For a couple seasons now, one of my fly shop co-workers, Bucky McCormick, has gone retrograde with his flies. He’s been tying and fishing classic patterns. By classic I mean older flies with some degree of historical significance, like the Quill Gordon, Brown Bivisible and Black-Nose Dace. Patterns that practically nobody fishes these days—if they’ve even heard of them at all—especially out here in Montana. (Last time I used one myself was in the early 1980s, gulper fishing on Hebgen Lake. My fly of choice then was a #16 Adams—a classic and a good imitation of a Callibaetis mayfly.) Bucky’s decision to shun modern flies in favor of the classics is far from a judgment regarding their effectiveness. Rather, it’s a statement about their beauty. Or lack thereof. With an emphasis on unconventional form and a reliance on synthetic materials, Bucky finds modern flies lacking in both grace and elegance. To him, they’re simply…ugly. And having fished for decades, he’s arrived at a point in his angling career where ugly no longer works for him. He sees beauty in the classics, a beauty which matters.
I find this concept quite interesting. It prompted me to ask him if he thought the beauty in a classic fly was intrinsic to the fly itself, or whether it lay strictly in the eye of the beholder. He replied that it was inherent in the flies themselves: beauty as a product of both design and the employment of all-natural materials. I told him I wasn’t as certain about that, and decided to argue the other side.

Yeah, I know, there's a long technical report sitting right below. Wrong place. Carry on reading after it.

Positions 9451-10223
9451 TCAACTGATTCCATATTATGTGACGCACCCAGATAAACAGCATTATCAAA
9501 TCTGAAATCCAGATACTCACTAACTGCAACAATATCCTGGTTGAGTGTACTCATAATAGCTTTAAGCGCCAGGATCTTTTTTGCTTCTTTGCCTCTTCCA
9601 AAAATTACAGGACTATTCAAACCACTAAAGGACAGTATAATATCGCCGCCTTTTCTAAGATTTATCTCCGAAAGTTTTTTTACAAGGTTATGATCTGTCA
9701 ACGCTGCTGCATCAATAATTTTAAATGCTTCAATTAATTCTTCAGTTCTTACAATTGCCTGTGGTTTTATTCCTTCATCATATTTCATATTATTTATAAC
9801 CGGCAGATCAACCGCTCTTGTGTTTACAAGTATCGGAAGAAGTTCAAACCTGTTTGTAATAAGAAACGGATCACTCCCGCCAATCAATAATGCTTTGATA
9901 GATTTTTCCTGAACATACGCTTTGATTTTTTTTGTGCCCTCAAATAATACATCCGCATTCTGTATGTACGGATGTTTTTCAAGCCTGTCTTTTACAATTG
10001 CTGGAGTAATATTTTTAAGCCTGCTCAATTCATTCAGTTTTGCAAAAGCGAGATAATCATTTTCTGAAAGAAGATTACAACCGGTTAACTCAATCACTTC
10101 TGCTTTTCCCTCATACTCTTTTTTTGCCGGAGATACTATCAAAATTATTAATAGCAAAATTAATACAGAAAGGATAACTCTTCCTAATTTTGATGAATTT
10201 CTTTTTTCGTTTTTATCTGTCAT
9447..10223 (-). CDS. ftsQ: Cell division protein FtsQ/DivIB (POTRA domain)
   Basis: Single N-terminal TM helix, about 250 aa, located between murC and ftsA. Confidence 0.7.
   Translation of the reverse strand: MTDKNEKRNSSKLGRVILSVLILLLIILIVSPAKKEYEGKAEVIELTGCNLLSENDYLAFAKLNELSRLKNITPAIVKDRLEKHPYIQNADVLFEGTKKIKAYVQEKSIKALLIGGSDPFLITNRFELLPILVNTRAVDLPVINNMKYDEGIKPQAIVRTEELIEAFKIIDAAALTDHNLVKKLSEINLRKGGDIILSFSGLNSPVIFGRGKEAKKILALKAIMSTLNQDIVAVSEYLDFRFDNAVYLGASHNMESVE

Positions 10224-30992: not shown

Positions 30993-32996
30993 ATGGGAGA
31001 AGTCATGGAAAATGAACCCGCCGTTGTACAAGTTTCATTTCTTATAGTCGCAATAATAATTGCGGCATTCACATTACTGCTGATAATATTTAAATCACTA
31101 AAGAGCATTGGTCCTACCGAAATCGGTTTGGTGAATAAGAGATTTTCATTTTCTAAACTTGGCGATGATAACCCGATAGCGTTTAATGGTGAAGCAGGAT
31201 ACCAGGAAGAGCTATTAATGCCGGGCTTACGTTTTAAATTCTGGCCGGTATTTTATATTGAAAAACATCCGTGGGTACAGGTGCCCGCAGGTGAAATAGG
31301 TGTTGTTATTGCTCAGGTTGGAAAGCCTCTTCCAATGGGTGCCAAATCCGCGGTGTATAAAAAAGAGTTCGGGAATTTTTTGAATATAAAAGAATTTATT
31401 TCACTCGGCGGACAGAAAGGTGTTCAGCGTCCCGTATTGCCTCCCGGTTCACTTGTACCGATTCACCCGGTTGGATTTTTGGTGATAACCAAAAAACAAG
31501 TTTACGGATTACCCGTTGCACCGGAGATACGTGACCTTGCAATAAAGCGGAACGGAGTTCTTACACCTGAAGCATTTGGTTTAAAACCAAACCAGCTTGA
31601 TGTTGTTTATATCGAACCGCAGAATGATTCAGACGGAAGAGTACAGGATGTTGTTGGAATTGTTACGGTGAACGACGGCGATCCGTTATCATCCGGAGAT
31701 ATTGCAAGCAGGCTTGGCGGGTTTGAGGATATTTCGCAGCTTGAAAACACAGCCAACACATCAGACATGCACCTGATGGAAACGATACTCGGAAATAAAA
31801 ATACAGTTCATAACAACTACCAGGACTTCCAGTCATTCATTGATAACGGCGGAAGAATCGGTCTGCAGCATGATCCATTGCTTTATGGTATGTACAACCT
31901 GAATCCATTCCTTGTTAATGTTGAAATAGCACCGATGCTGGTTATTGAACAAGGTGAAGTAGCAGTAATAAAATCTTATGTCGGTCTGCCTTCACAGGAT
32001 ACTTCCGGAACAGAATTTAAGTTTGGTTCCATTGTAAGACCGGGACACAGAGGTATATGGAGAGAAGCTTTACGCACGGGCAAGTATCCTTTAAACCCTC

A Quill Gordon, I proffered, acquired its shape because it was nothing more than a knock-off of 19th-century English mayfly design. Beauty never entered the equation as a design concern—on either side of the Atlantic. Function and form drove design. As for the use of natural materials, well, the tiers of old had little choice: organic was pretty much their only option. So I argued that the conception of beauty in a Catskill dry fly—or, for that matter, any other classic fly—simply depended on when a person arrived to the sport.
Anglers old enough to have been exposed to classic flies at a young age, or when they were still widely fished, tend to consider them in aesthetic terms. They use words like “pretty” and “beautiful” when describing a fly. Younger anglers think differently. They aren’t nearly as apt to describe or draw a distinction between flies based on aesthetic concerns.
Bucky wasn’t buying it. Truth be told, I’m not sure I was, either. Because deep down inside, I see and feel the same things in the classic patterns that he does. The stylish lines of a Catskill dry fly, the flair in a well-tied Henryville Special, the elegance of a sleek, antediluvian bucktail streamer—they’re all beautiful to me, too. But unlike Bucky, I’m not sure I can trust my judgment. I’ve been fishing for a long time too, and I’m suspicious my views are unduly colored by a romanticism rooted in those many years of experience. I question whether I’m truly capable of escaping that experience to make an unbiased judgment. And so while Bucky harbors no doubts, I’m left to wonder, still, where does the beauty in a fly lie?